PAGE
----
Tuesday, October 10, 2006

Good Job, Chris


I may have mentioned before that one of the remnants of the pampered diplomat lifestyle is our enjoyment of both American and Guatemalan holidays. It couldn't be otherwise, as the Embassy is part of the Federal government, and thus American holidays are not optional, but would grind to a halt without its Guatemalan staff, who require their own little holidays, too. Well, we got another three day weekend this past weekend -- and those of you who live outside of Boston or DC may be surprised to know it was one of the American ones. Apparently government people, not just mailmen/letter carriers and bankers, still get Columbus Day off.

It may be a sign that we're exhausting the three-day weekend options around here that we didn't have a big plan set. We've got some things scheduled for a few months out, but this one was a blank space. It dawned on us that there were several volcanoes around Lake Atitlan that we had yet to climb. So we headed up to Santiago Atitlan, and started asking around about a guide to take us up Volcan San Pedro. The guide services seemed a bit more expensive than we had anticipated, given that being a guide for a Guatemalan volcano ascent basically has only one requirement: Machete ownership -- and not for chopping underbrush, but for scaring off brigands and thieves.

We dind't get everything firmly set the night before. We scurried from the restaurant to our room under umbrella and continued our plot to find a guide by the docks at sunrise the next morning. We contemplated the eight-hour climb as the sound of pounding rain beat on the roof of our bungalow. And then we realized that we hadn't planned our next volcano ascent for October because it's still as likely as not to rain cats and dogs on any given day. As we sipped beers by the sunny poolside and gazed up at the peak of San Pedro enveloped in cloud cover, we saluted our ability to come to our senses, better late than never.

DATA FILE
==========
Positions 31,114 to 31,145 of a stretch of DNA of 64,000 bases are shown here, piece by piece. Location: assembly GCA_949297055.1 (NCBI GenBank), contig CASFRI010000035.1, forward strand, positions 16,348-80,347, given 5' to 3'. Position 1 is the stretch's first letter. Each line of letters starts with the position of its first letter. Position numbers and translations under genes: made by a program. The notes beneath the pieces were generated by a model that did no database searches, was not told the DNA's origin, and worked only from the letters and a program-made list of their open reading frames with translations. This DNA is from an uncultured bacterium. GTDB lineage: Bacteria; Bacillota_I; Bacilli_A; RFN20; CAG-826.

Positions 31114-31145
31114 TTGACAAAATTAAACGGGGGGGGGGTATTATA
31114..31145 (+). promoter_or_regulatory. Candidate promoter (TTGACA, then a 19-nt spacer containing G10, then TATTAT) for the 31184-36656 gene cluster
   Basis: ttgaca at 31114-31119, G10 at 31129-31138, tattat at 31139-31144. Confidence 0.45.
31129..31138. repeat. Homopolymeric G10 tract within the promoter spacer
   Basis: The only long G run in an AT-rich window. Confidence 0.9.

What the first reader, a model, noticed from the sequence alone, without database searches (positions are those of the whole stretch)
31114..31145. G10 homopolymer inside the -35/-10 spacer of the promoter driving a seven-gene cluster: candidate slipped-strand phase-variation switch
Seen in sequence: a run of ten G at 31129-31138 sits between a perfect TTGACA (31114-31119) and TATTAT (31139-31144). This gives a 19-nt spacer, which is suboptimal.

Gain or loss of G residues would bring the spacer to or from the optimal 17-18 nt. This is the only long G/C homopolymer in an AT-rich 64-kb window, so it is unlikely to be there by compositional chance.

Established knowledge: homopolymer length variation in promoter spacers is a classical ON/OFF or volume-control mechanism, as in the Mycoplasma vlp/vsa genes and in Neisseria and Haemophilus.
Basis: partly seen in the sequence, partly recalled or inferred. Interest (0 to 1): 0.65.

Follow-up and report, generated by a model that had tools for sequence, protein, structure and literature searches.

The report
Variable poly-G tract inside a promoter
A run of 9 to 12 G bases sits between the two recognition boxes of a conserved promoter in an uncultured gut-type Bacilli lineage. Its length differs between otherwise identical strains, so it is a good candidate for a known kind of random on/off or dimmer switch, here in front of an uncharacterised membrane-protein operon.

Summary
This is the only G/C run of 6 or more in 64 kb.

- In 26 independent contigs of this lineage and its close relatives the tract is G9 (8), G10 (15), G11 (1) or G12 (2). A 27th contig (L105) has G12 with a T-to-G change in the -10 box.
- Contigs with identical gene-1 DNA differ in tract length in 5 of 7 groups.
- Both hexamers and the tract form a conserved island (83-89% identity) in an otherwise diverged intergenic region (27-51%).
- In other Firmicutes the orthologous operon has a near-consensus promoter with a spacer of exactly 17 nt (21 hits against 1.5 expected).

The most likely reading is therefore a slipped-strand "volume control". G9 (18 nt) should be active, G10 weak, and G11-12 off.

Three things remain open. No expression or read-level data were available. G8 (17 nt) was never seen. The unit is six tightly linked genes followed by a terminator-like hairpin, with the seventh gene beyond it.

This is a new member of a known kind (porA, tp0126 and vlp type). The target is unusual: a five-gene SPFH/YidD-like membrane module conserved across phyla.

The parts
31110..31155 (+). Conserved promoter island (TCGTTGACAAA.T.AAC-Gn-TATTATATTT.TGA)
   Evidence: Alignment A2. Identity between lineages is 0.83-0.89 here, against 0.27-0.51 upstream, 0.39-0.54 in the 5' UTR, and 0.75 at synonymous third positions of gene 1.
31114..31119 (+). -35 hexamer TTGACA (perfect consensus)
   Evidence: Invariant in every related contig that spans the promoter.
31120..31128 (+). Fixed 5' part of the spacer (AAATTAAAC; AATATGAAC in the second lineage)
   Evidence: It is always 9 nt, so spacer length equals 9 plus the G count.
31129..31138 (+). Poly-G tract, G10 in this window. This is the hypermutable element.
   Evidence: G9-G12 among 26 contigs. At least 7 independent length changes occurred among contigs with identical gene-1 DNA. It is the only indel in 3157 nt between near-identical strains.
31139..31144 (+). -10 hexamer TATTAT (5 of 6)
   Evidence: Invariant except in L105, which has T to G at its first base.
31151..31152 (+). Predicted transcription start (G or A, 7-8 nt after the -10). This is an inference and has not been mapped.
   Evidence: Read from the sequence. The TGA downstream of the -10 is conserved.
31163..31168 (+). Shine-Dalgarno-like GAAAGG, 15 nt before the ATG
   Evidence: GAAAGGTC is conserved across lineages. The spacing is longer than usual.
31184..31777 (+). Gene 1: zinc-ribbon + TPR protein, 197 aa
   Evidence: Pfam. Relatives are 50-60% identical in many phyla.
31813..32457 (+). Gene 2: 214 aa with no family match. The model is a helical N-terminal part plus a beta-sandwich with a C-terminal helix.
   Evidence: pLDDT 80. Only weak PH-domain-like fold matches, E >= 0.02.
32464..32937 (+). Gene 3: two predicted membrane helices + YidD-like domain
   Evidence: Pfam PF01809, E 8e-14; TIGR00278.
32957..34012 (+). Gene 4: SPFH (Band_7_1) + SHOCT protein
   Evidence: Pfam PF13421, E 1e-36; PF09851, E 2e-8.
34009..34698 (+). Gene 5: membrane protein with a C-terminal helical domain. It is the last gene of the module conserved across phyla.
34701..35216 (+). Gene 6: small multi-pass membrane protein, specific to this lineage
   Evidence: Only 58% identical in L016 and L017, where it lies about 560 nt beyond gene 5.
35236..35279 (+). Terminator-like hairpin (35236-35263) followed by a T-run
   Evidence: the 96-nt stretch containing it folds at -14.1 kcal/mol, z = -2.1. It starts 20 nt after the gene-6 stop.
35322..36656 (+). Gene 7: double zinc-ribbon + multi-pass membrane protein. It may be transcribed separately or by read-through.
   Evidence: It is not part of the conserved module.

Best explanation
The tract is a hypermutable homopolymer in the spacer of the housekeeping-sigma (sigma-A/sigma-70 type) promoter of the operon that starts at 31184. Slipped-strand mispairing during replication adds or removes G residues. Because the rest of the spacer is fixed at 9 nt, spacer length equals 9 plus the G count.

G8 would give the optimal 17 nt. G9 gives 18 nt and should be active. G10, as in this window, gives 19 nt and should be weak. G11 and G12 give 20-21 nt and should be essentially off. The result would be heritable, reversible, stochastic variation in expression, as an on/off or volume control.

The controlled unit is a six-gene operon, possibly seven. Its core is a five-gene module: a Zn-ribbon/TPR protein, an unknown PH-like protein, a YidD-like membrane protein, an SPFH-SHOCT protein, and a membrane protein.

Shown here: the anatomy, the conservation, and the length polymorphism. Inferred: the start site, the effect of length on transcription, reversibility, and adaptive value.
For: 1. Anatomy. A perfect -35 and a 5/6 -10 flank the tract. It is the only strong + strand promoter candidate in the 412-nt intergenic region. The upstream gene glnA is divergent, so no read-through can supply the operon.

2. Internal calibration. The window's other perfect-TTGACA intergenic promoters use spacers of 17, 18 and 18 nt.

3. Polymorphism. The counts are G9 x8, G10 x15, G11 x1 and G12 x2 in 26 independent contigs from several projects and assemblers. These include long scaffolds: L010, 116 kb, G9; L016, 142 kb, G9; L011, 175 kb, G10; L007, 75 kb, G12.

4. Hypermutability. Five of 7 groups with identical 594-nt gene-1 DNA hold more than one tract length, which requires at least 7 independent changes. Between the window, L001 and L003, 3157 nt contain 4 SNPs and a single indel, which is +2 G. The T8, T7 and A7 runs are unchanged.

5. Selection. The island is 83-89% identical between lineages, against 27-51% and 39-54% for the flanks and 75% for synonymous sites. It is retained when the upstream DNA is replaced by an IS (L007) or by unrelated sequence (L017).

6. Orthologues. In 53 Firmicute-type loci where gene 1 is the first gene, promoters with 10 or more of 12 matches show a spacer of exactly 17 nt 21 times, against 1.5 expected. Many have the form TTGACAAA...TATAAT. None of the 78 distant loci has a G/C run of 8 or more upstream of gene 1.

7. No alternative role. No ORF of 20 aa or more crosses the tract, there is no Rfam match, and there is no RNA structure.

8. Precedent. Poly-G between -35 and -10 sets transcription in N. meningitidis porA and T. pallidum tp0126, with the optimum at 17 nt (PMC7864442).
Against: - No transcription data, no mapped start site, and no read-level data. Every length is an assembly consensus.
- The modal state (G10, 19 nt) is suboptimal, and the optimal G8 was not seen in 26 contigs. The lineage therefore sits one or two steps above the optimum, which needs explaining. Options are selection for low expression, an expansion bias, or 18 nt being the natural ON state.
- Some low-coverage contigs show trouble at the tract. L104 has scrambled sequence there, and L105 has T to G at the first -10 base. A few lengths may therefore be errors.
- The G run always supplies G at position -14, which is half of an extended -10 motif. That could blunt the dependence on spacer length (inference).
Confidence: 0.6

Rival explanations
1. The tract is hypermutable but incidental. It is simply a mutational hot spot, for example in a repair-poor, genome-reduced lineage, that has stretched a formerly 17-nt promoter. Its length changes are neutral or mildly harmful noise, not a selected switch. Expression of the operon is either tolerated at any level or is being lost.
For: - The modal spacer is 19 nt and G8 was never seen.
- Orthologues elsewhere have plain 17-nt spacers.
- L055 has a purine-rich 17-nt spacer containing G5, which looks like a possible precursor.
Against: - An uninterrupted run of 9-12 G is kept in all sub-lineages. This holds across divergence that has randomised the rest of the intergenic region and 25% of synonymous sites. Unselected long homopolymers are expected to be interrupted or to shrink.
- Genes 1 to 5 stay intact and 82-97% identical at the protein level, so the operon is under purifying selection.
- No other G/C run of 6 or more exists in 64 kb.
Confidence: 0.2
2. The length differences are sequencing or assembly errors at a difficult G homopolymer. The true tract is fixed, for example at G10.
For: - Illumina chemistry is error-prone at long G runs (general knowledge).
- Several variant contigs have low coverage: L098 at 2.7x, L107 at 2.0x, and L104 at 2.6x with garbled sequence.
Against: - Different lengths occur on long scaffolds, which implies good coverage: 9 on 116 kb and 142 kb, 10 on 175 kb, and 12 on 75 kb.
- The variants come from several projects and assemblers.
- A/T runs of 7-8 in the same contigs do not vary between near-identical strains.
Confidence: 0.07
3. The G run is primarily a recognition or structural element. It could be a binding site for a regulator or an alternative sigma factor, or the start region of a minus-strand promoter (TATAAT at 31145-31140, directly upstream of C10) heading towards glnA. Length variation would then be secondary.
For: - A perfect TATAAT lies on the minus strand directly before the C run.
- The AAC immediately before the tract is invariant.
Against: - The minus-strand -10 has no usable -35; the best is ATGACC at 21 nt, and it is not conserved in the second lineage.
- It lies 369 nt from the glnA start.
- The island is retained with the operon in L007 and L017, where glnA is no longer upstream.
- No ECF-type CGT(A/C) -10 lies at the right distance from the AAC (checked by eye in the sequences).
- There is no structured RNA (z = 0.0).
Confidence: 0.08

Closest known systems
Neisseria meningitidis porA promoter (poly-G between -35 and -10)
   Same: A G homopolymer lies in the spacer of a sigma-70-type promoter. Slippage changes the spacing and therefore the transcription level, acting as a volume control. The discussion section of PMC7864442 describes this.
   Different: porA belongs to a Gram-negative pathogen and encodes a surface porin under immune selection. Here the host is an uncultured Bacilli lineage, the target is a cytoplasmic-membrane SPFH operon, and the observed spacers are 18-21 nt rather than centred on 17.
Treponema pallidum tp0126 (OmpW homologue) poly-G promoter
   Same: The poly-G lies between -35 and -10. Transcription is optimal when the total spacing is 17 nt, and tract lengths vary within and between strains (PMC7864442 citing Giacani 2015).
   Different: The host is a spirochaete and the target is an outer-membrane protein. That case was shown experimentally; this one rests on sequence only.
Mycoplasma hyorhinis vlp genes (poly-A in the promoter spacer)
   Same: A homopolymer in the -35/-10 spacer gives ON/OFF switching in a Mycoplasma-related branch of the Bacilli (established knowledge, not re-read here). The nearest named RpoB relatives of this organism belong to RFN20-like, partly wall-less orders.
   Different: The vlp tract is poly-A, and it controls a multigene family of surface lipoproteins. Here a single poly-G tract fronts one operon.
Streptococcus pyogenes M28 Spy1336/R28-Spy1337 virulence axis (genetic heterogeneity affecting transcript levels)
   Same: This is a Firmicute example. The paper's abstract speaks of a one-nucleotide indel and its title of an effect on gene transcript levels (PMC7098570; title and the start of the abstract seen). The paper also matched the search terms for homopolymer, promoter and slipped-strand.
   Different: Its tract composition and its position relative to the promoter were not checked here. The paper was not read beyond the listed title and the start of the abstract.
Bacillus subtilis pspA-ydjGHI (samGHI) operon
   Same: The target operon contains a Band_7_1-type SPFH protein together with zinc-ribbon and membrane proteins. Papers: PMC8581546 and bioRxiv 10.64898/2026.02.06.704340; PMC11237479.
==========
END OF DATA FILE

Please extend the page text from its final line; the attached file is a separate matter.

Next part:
We did manage to avoid a complete weekend of sloth by doing some canoeing. We've taken many opportunities to go kayaking on various Guatemalan bodies of water, but there were no kayaks to be had. So we did a spin around the inlet in a canoe, which had a kind of old-school charm. Which is very important in feeling more in touch the locals, who also use canoes, of sorts, such as the one pictured above. They didn't say it out loud, but you could tell by the look in their eyes, as we paddled by their wood-plank canoes and fishing nets floated with old milk jugs, that we were each celebrating Columbus's contributions to the Americas in our own way, and that they really felt the connection, too.

3 comments:

EEK! said...

Your weekends exhaust me. Do you two ever just sit around the apartment, dropping random shit on the floor to clock your housekeeper's response time?

Ma & Pa Stokes said...

And if I am reading the Guatemala guidebook ("including the Bay Islands of Honduras") you have another 3-day weekend coming up next week. Revolution Day? Woo-hoo!! Let's see what excitement we can stir up!
... Ma ...

MLE said...

I didn't get Columbus Day off, and I'm a guvmint worker.